“We have no art. We do everything as well as we can.”

She probably wouldn’t like me saying this, but there is something almost otherworldly about Corita Kent. Corita Kent (1918–1986) was an artist, educator, and advocate for social justice. At age 18 she entered the religious order Immaculate Heart of Mary, eventually teaching in and then heading up the art department at Immaculate Heart College. Her…

Sorting out

– finishing up (tidying by reading, part 1) Moving my library, I became aware of quite a few half-read books laying around. I have started sorting them out — some are too bad, vexatious or tedious to be read, but most of them had just been misplaced or forgotten in the middle of things… And…

An individual human existence should be like a river —

— advice for days to come: The best way to overcome the fear of death—so at least it seems to me—is to make your interests gradually wider and more impersonal, until bit by bit the walls of the ego recede, and your life becomes increasingly merged in the universal life. An individual human existence should…

Notes on Melancholy, part 4

In my first note on melancholy I quoted the following question raised by Jacky Bowring, she asked: How can things that are sorrowful be beautiful? Louise Glück’s First Snow is not a theoretical answer, but a wonderful demonstration of something deeply sorrowful becoming almost unbearably beautiful – First Snow  by Louise Glück  Like a child, the earth’s going to…

A note on compulsive performativity – and how to care (for) more

Thoughts excerpted from Jan Verwoert’s text: I CAN, I CAN’T, WHO CARES (2008) Some have said that we have come to inhabit the post-industrial condition. But what could that mean? After the disappearance of factory work from the lives of most people in the Western world, we have entered into a culture where we do no…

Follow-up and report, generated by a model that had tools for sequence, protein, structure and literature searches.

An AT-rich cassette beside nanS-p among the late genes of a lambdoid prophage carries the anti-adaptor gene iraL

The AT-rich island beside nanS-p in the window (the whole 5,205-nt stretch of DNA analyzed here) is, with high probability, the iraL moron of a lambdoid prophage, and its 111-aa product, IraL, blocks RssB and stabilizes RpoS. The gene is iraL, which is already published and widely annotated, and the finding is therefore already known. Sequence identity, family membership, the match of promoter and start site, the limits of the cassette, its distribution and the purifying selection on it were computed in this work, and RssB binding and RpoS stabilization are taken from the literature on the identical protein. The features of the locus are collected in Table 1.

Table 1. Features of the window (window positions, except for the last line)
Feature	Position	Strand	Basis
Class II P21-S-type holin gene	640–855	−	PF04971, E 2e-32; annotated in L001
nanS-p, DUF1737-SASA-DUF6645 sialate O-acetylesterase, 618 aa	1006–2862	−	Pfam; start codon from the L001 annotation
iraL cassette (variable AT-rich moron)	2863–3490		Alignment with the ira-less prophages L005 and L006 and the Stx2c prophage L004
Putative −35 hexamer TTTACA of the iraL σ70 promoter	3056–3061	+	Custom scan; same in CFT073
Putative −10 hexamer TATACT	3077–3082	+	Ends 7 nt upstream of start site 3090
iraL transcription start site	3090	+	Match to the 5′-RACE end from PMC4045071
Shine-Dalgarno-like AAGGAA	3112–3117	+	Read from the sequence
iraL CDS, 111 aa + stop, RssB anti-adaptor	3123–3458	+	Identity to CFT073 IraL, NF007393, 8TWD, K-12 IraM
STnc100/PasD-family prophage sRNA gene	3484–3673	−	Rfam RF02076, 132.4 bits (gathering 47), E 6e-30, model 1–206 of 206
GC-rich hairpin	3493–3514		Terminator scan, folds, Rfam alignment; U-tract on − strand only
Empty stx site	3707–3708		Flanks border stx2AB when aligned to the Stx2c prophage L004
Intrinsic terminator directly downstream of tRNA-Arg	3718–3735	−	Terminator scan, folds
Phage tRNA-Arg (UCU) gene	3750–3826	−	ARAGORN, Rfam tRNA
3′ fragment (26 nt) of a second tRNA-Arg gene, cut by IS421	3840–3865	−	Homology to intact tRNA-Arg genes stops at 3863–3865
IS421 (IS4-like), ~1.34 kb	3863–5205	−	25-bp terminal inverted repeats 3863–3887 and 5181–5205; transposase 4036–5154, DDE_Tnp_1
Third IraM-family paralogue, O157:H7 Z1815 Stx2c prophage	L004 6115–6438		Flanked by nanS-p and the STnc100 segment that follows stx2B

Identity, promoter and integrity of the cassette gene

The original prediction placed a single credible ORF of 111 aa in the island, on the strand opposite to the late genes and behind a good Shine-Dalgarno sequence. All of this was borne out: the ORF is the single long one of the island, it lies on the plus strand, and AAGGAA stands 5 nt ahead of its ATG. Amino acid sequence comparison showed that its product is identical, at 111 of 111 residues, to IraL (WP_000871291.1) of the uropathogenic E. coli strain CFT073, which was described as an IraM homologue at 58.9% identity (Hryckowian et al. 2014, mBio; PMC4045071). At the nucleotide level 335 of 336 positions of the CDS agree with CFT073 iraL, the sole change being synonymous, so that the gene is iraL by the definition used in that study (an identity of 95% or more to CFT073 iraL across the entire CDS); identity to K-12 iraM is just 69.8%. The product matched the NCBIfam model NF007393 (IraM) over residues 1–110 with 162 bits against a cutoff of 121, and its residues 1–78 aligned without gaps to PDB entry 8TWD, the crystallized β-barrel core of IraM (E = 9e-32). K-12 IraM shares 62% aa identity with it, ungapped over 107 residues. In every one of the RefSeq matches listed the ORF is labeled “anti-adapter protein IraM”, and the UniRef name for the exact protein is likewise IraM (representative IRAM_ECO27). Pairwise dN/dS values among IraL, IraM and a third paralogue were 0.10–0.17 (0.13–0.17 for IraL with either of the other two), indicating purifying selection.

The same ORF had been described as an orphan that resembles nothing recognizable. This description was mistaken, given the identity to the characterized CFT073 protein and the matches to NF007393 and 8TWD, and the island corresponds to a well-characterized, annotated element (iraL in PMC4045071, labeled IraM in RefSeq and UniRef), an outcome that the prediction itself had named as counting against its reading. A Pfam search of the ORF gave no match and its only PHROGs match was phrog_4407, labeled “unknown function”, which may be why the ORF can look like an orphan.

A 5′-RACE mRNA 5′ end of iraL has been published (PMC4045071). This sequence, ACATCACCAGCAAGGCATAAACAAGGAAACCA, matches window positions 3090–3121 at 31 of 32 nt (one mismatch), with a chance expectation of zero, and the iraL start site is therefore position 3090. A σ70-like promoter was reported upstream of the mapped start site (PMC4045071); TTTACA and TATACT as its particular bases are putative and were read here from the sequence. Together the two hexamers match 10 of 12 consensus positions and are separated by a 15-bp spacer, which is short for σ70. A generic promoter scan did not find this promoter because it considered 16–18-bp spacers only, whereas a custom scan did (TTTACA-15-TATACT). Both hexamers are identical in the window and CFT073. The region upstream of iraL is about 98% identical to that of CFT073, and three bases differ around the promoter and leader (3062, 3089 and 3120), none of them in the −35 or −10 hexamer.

The dizziness of freedom

Further musings on Fear & Anxiety  The Concept of Anxiety according to Kierkegaard: anxiety/dread/angst is unfocused fear Kierkegaard uses the example of a man standing on the edge of a tall building or cliff. When the man looks over the edge, he experiences a focused fear of falling, but at the same time, the man feels a terrifying…

The Two Survivals

Ars Poetica V (personal lyric, cont.) Gregory Orr writes: Survival no. 1 The difference between a lyric poet and a person who does not write poems is that the poet has an arena in which to focus his/her encounter with disorder. Every encounter with disorder of any sort that results in a poem is a successful…

Poetry – Philosophy – Religion

There is this situation, or maybe constellation is a better word for it, which really interests me; it has to do with the relationship between art, philosophy and religion. Ars Poetica V (personal lyric, cont.) – or: why you all should go ahead and read Gregory Orr Gregory Orr calls personal lyric a gift – given…

About life on the land,

& about a woman finding her way in middle age I go to philosophy for wisdom. I go to my library of skimmed-through books for a new and more thorough understanding of the world and my own (hypothetical) place within it. And sometimes, when reading the best, that is; when reading a thinker who can write like a…

What is Contemplation?

Contemplating Thomas Merton, contemplating contemplation: Nothing could be more alien to contemplation than the cogito ergo sum of Descartes. “I think, therefore I am.” This is the declaration of an alienated being, in exile from his own spiritual depths, compelled to seek some comfort in a proof for his own existence (!) based on the observation that he “thinks.”…